Friday, June 10, 2011
Movie review: Submarine
Oliver and Jordana's romance burns like a flame: a candle flame on a windy day.
Submarine marks Richard Ayoade's first foray into feature length narrative filmmaking, and it's an auspicious debut — this set-in-Wales coming of age tale is heartfelt, keenly-observed, and occasionally hilarious. It's certainly one of the freshest films of the year, and easily one of the most entertaining.
But — in case you haven't guessed — it has nothing to do with naval warfare.
Based on the novel by Joe Dunthorne, Ayoade's film is told through the eyes and fecund imagination of 15-year-old Oliver Tate (Craig Roberts), whose acid and insightful internal dialog serves as narration for the on-screen happenings.
Oliver reveals himself to be a typical, if unusually philosophical, teen: He struggles to bring his self-image and his at-large reputation into some kind of comfortable alignment; he lusts (in wholesome, boyish fashion) after a bad/pretty girl classmate named Jordana (Yasmin Paige); and although kind at heart, he's not above picking on the class whipping boy, who in this case happens to be a girl. As Oliver puts it: "I must not let my principles stand in the way of progress."
On the home front, Oliver's parents are in danger of drifting apart to the point of separation, introducing a strident note of insecurity into the symphony of Oliver's ego. His father Lloyd (Noah Taylor) — a marine biologist who knows how deep the ocean is — can't hold a candle in terms of dynamic appeal to the personage of Graham (Paddy Considine, done up in sweet, sweet mullet and beard). Graham, whose van sports an airbrushed portrait of himself set against the starry firmament, has recently moved into a neighboring flat; he's a new-age guru-to-the-masses, the kind of guy who purports to see the color of one's aura. And then offers to heal it.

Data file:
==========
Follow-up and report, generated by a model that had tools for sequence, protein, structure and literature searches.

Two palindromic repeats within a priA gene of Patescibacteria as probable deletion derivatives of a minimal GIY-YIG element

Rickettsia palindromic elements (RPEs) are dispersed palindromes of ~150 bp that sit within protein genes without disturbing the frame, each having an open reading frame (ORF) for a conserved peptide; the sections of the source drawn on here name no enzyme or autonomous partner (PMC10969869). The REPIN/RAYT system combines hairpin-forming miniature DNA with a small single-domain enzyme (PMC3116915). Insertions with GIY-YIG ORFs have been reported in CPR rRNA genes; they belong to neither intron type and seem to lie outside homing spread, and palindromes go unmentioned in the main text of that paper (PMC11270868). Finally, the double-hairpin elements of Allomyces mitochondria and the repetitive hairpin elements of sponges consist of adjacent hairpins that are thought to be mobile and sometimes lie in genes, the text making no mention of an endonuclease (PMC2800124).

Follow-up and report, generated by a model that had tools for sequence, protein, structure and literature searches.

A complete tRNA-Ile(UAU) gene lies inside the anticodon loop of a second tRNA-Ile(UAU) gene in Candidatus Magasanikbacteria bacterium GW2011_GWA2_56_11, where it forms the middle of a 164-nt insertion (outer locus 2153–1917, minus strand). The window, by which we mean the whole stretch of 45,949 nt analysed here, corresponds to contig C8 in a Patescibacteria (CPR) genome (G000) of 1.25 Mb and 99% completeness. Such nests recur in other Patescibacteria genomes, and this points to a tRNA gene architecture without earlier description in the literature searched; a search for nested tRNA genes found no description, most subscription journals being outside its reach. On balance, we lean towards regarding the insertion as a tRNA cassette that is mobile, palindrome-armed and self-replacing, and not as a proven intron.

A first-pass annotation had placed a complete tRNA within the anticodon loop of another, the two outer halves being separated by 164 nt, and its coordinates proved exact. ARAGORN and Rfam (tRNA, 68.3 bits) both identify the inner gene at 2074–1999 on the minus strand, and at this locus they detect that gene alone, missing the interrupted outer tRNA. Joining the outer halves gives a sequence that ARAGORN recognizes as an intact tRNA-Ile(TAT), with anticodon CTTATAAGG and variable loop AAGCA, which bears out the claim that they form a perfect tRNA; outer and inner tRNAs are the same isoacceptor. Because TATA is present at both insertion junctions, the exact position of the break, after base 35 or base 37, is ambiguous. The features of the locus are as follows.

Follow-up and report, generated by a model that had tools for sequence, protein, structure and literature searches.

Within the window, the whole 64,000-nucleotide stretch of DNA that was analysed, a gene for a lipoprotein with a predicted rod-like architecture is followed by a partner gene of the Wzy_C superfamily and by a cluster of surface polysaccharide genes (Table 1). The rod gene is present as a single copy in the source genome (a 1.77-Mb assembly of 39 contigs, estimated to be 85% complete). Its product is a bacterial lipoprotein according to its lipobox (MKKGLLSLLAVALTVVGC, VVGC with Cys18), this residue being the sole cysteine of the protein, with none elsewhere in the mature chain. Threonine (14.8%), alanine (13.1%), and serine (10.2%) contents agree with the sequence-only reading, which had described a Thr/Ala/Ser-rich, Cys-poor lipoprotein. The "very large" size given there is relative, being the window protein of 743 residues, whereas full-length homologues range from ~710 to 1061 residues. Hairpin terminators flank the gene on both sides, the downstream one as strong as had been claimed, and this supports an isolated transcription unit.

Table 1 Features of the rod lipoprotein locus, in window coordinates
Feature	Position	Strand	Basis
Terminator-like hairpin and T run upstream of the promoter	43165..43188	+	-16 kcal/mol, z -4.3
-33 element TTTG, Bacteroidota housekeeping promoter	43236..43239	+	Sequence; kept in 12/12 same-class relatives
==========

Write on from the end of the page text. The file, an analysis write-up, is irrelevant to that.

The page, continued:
Oliver's mom Jill (Sally Hawkins), it turns out, used to date Graham, and seems not averse to bringing him and his live-in girlfriend into the family's circle of friends. Lloyd (to his credit) doesn't get Graham's goofy appeal — nor does Oliver — but their disdain for his "new age cosmic bullshit" won't stop Jill from attending his weekly lectures. When Graham's girlfriend splits the scene, Oliver senses trouble on the parental domestic bliss horizon.
Submarine is full of wonderful impressionist flourishes, such as in the Tom Sawyer-ish episode where Oliver imagines the aftermath of his own death: Fellow students are seen to weep in the hallways, consoling each other with hugs and hankies; a spontaneous candlelight vigil breaks out amongst his classmates, who speak to reporters about what a tragic and untimely loss to society his death represents. The whole town turns out for his funeral. When he comes back to life in a blaze of glory in a school hallway, students take to their knees in prayerful thanks.
The almost antagonistic romance that develops between Jordana and Oliver proves fascinating in its unfolding, because it seems so genuine — and so genuinely tenuous. It burns like a flame, but it's a candle flame on a windy day, with rain clouds rolling in from the west.
I've seldom seen a film so accomplished at generating high drama (and snarky comedy) from ordinary events. Here's hoping there's more to the Oliver and Jordana story — though I'd be perfectly happy for Oliver to get his hands on a different overcoat.
JUST YOU WAIT: I'd like to thank the United States for not invading us." - Oliver, re. Wales, in written preamble to the film